Emory Saint Joseph’s Hospital won second place in the same category, Hospitals with Greater than 300 Beds, for its project, “Fall Prevention Leveraging Lean Methodology.” The project established a process to reduce the occurrence of patient falls by using standard work and confirmation with kamishibai (or task) cards. The participating units are now consistently achieving fall rates below the targets set by the National Database of Nursing Quality Indicators and one unit achieved 157 days between falls. The fall prevention work is continuing at Emory Saint Joseph’s Hospital and is expanding to address other clinical practice issues, as well.

Emory University Hospital Midtown also swept the Josh Nahum Award for Infection Prevention and Control category, winning first, second and third place.

  • First place: “A Triple Threat to Preventing Surgical Site Infections: Skin, Nasal, and Hair!” reduced the occurrence of surgical site infections by increasing compliance in three primary areas in the preoperative process — preoperative bathing, nasal decolonization and clipping hair of the surgical site outside of the operating room. 
  • Second place: “Reducing Clostridioides difficile by Using an Interdisciplinary Team Approach” won second place and implemented standards to help decrease the incidence of hospital-acquired C. difficile through multiple efforts of working with the emergency department testing protocols, increased compliance with early testing on nursing units and cleaning and disinfection processes by environmental services.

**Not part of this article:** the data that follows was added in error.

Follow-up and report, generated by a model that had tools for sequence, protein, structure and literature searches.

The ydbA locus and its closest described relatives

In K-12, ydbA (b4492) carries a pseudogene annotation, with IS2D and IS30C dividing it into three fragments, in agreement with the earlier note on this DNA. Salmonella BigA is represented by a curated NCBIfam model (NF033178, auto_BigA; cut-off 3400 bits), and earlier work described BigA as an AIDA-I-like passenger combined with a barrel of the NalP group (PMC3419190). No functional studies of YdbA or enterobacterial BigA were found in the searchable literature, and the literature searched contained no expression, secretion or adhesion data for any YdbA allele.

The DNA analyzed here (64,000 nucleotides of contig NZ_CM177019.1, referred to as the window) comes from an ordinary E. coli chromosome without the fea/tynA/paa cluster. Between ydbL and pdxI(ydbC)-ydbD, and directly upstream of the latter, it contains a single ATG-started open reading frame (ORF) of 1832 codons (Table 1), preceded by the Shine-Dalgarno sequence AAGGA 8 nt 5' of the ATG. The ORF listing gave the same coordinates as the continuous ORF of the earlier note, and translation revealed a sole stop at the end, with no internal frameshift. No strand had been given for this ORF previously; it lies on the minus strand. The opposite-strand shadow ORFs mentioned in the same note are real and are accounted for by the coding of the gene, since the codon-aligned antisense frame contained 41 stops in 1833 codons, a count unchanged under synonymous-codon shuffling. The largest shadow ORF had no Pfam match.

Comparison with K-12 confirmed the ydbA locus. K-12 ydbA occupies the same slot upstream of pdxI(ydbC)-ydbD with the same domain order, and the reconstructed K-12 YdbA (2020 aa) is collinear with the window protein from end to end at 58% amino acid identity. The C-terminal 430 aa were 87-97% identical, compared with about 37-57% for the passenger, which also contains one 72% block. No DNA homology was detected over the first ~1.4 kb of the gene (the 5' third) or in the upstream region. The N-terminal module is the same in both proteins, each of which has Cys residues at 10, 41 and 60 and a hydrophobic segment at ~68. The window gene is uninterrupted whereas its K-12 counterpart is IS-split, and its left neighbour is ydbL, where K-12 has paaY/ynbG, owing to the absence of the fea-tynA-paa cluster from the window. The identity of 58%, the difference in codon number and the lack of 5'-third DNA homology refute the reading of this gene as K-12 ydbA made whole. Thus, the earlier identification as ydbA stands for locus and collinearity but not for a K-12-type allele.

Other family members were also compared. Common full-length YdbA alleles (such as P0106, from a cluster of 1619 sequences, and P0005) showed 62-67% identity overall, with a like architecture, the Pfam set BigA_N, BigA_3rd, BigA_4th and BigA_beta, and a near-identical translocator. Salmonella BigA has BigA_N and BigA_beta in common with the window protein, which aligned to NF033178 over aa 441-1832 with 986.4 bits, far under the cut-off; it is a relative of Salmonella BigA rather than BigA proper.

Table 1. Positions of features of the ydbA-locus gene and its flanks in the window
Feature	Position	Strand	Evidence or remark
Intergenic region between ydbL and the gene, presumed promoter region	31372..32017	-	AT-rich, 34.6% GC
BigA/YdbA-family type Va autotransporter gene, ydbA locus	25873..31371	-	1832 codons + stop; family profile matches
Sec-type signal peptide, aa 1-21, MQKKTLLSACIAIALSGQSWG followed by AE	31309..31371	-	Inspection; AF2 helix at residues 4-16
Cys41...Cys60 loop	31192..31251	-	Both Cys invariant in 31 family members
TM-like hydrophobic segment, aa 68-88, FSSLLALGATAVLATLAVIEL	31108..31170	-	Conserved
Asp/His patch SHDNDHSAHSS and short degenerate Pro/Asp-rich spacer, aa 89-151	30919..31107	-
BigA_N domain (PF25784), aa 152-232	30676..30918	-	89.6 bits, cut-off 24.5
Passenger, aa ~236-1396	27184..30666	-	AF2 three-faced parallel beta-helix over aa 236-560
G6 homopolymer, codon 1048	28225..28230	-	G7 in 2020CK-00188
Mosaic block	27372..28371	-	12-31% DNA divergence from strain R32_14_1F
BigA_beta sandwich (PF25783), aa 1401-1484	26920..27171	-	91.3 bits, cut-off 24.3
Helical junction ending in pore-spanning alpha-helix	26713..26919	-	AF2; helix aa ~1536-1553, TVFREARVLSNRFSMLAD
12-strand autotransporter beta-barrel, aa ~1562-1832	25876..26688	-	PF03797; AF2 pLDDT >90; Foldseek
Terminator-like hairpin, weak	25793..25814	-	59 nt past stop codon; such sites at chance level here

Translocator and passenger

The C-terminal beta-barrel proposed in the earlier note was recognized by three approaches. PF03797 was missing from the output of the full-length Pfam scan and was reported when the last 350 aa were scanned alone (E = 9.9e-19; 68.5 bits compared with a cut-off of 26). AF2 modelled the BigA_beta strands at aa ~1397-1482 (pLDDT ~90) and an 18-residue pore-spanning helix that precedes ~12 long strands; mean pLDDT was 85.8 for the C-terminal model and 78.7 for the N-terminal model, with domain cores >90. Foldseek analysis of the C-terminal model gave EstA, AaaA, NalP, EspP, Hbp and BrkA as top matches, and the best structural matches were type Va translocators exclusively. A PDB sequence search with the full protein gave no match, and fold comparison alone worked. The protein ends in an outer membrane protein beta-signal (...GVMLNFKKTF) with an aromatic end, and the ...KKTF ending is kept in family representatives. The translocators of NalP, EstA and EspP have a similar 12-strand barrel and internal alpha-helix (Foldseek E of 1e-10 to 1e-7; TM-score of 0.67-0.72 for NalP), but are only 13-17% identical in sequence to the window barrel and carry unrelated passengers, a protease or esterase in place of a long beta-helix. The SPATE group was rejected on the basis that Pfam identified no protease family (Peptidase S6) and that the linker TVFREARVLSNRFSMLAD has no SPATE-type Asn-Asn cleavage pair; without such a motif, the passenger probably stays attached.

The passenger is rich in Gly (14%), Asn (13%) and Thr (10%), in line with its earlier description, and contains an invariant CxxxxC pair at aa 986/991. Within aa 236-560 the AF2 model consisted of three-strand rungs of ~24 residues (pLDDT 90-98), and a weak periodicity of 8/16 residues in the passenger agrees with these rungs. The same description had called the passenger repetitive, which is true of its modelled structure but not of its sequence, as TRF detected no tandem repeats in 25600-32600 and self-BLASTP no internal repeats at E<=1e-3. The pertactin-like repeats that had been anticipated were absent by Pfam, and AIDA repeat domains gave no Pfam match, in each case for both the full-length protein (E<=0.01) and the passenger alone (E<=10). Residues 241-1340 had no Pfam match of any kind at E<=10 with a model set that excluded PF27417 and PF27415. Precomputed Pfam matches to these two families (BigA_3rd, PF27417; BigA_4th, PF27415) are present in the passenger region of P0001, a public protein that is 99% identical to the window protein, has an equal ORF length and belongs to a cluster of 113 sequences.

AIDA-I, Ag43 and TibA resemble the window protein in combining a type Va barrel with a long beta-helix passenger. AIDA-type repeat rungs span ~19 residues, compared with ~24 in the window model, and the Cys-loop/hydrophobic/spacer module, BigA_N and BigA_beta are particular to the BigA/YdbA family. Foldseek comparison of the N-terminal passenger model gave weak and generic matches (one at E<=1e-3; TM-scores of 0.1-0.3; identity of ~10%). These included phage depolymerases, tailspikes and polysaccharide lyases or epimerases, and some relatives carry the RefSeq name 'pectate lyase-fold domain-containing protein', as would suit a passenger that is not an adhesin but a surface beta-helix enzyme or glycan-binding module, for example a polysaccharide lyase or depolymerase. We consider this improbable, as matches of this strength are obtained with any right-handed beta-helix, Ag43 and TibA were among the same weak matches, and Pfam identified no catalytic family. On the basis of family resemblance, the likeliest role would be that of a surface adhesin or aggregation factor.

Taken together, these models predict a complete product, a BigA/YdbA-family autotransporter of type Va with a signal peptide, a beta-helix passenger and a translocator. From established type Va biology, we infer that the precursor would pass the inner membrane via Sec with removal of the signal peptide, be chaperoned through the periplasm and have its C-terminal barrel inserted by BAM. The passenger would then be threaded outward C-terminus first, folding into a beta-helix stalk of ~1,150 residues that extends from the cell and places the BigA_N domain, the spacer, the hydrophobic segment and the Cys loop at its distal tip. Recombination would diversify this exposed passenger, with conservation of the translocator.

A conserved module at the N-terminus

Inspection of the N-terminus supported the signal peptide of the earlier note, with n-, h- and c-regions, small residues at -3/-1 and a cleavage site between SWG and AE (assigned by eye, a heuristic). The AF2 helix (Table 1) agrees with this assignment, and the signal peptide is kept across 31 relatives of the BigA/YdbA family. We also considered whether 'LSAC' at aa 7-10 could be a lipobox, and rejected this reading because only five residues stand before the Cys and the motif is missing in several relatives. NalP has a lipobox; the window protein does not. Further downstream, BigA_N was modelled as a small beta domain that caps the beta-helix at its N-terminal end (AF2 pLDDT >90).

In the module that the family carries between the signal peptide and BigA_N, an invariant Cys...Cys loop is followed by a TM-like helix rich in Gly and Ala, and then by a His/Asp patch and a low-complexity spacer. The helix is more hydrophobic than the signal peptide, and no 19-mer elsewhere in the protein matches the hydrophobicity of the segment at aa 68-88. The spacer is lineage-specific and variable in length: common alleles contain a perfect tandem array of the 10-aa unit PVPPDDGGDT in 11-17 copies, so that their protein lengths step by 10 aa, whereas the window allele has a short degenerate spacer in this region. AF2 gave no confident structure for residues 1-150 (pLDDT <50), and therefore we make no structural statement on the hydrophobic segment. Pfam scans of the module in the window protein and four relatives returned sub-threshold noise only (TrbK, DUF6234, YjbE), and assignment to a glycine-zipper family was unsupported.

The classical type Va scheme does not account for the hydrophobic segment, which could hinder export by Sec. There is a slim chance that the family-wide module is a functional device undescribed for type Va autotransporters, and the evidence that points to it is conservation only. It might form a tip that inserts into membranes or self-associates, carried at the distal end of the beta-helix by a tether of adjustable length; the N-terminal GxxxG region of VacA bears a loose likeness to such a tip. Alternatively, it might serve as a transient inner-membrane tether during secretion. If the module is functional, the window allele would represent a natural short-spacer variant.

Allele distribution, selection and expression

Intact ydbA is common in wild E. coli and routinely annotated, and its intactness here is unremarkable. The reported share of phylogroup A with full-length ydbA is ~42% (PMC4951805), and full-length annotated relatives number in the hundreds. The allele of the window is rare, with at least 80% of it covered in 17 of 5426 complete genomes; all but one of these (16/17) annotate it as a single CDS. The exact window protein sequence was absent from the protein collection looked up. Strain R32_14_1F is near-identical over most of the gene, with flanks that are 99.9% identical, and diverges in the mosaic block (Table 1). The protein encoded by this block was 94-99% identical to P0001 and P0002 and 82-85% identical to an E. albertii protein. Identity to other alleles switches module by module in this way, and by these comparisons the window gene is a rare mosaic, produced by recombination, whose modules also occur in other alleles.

• Third place: “Being CAUTIous! A Hospital’s Journey to Reduce Indwelling Urinary Catheter Utilization to Prevent CAUTIs” won third place and reduced the incidence of catheter-associated urinary tract infections (CAUTI) by implementing an interdisciplinary approach to reviewing events and working together with frontline team members to develop sustainable solutions for future prevention of infections.

Emory Healthcare and Emory University Hospital Midtown were also presented with Circle of Excellence Awards, an honor given to hospitals and health systems that have demonstrated a sustained commitment to quality and patient safety as evidenced by not only winning a patient safety award in 2021, but by earning three or more PHA Patient Safety Awards within the previous five years.

“We are honored to receive these patient safety and quality awards from the Georgia Hospital Association’s Partnership for Health and Accountability,” says Jonathan S. Lewin, MD, CEO of Emory Healthcare. “We thank our care teams tremendously for the clinical excellence, exceptional skills and knowledge they provide to our patients and their families, while also delivering safe, quality care.”

The Partnership for Health and Accountability, an affiliate of the Georgia Hospital Association, was established in January 2000 to improve patient care and patient safety in hospitals and other health care facilities and create healthy communities.

Georgia Hospital Association serves more than 150 hospitals in Georgia and promotes the health and welfare of the public through the development of better hospital care for all Georgia’s citizens.